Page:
Len Ovens len at ovenwerks.net
Sun Sep 2 04:07:21 CEST 2018

On Sat, 1 Sep 2018, Jonathan E. Brickman wrote:

> In general I too am attracted to UDP -- but for MIDI performance transmission,
> 0.001% loss is still far too much, because that means one note in 1,000 might be
> held and never released, causing massive encruditation to the moment :-) This is
> because every time I press a key there's a MIDI signal for the press, and a
> separate one for the release, and if the release is lost, we can have massive
> unpleasantry. And a song can easily have thousands of notes. Some of my tests
> over the years actually included this behavior!  

All note offs must be received for good performance. I agree.

> I have read a lot about OSC. It has seemed to me that it would have to be an
> option, given that it seems to have been designed from the beginning to run over
> IP, and otherwise to sidestep all of the well-known MIDI limitations. But
> whenever I have dug into it in the past, I have found myself quite profoundly
> confused by the massive flexibility.  Recently I ran into OSC2MIDI, and if my

OSC has no "standard" for performance transmition except MIDI via OSC 
which ends up having all the same problems as MIDI alone. It would of 
course be possible to send messages that were note with length... but that 
would mean a delay at least as long as the note was played because the 
message can not be sent untill note off.

> understanding of what OSC is is correct, OSC2MIDI should theoretically be able to
> do the job if it is on both ends of the stream, correct? I'll do a bit of testing
> of this, see if I can figure out a bit of toolchain design, but input of
> experienced persons is much desired.

I personally don't see how that would help. It sounds like translating an 
english email to french to send it and then translating back to english on 
the receiving end. It is UDP in both cases. Unless I am missing something.

> I will also look at the repos for MIDI over RTP. Sounds like it's being used in
> production now for loss-tolerant control surfaces though, and not performance
> transmission, correct?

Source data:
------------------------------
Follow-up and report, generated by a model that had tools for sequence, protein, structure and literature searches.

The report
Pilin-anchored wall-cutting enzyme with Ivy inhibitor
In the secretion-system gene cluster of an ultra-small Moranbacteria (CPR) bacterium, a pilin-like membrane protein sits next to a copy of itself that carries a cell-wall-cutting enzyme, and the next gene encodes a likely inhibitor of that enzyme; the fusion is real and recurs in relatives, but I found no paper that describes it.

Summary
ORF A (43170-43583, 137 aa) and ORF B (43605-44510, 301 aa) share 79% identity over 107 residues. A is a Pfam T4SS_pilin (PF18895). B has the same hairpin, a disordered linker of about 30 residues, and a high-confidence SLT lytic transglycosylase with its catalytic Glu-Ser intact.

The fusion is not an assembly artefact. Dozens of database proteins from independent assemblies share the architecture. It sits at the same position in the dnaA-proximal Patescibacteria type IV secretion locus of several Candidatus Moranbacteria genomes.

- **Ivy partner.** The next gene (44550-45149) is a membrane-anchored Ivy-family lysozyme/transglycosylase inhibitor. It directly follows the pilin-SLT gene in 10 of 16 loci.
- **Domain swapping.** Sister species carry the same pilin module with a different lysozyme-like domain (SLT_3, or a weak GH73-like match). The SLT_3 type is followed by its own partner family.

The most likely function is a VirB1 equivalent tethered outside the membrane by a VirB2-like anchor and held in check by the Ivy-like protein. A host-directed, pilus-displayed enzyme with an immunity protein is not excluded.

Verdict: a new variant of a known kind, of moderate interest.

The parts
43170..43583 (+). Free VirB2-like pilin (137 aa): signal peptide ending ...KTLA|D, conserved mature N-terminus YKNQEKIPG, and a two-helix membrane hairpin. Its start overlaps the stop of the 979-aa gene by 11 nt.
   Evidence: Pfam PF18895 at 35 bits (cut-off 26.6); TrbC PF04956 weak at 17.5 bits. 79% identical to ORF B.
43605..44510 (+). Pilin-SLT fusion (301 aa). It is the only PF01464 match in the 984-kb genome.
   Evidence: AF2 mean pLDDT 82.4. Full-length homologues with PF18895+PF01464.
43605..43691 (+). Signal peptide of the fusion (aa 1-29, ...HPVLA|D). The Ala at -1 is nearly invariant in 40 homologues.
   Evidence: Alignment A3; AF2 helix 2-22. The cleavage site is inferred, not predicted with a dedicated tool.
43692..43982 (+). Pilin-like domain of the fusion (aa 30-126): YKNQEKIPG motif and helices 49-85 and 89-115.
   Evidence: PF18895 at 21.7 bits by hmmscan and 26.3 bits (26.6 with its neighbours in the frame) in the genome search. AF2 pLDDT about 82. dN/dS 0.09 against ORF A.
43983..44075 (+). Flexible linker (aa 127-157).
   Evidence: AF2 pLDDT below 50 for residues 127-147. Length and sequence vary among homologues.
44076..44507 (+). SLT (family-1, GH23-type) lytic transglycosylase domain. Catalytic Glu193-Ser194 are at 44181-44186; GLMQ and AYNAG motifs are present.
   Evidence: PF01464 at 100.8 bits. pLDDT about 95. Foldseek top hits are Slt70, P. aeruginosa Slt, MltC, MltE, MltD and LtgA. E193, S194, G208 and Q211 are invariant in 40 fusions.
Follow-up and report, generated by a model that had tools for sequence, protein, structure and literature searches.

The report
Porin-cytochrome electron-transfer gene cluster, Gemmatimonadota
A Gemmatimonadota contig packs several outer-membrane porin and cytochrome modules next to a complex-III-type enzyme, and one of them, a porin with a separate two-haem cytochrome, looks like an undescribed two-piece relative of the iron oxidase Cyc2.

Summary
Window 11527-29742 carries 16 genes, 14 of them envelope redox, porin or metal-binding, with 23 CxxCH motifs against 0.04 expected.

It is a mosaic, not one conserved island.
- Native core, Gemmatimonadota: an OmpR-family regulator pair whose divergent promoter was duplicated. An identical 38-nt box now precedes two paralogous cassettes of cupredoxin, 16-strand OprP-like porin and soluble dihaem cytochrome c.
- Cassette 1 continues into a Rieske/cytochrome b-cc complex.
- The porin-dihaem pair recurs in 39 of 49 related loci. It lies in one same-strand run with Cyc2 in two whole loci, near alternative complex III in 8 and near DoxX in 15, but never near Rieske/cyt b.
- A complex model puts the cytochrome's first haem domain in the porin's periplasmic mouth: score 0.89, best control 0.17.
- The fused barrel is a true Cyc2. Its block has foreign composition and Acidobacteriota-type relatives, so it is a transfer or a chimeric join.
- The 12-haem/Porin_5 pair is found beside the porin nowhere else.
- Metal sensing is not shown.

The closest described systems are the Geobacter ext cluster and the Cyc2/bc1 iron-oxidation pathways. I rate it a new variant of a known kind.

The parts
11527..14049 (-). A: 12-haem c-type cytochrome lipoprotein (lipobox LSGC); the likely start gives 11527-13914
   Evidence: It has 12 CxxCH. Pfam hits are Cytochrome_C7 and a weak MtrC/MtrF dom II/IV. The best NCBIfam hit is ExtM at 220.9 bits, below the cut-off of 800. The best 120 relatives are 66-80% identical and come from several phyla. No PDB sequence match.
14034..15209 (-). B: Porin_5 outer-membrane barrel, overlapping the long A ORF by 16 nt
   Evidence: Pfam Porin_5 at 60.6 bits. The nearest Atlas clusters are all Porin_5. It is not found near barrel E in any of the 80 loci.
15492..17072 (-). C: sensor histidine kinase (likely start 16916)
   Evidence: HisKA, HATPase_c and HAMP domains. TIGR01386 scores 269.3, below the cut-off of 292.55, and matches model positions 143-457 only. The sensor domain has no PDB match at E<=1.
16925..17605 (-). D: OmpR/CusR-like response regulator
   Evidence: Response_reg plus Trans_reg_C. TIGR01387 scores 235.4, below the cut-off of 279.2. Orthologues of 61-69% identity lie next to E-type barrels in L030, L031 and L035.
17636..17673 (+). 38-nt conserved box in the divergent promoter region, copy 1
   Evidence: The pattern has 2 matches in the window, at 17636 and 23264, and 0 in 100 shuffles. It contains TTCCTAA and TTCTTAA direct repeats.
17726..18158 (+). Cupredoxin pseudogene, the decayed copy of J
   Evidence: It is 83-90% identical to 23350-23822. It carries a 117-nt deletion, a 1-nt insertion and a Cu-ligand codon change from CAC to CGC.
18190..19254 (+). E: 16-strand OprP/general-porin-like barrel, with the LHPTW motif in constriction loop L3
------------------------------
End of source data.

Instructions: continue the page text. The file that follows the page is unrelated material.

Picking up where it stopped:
It is designed for performance as well or even first. It is a journelled 
setup that sends both the performance and a journel. The journel allows 
missing packets to be noted and replaced. It tries to be smart about what 
it recreates. For example, a note off is always recreated even if it ends 
up late. A note on that shows up after it's note off will not. So it is 
the better than tcp, where a note may sound obviously out of time due to a 
retry. rtpmidi is what apple coreaudio uses as it's midi transport. A 
properly "advertised" rtmidi port will show up in core audio just like any 
other midi port. It is however, true that some of the linux 
implementations have gotten it working but have never completed the 
journeling part of things (maybe because it worked for them well enough 
without) and so for them it is no better than ipmidi (which also tends to 
be quite good in a local network context). The transport part of the code 
is the easiest and the journel part would take work... at least that is my 
guess as the reason so many are partly done.

Tcp with timing information and post analysis could do the same 
thing, deciding not to use late note on events. With the speed of networks 
inceasing and faster processing at both ends, tcp may be fast enough. A 
lot depends on how busy the network is... what other traffic is present. I 
have had both good and bad exeriences with udp both on wifi and localhost. 
Even using localhost, it seems too many udp packets at a time seems to 
result in packet loss. (I say packet loss, but it is possible the 
receiving OSC lib ran out of buffer too).

Len Ovens

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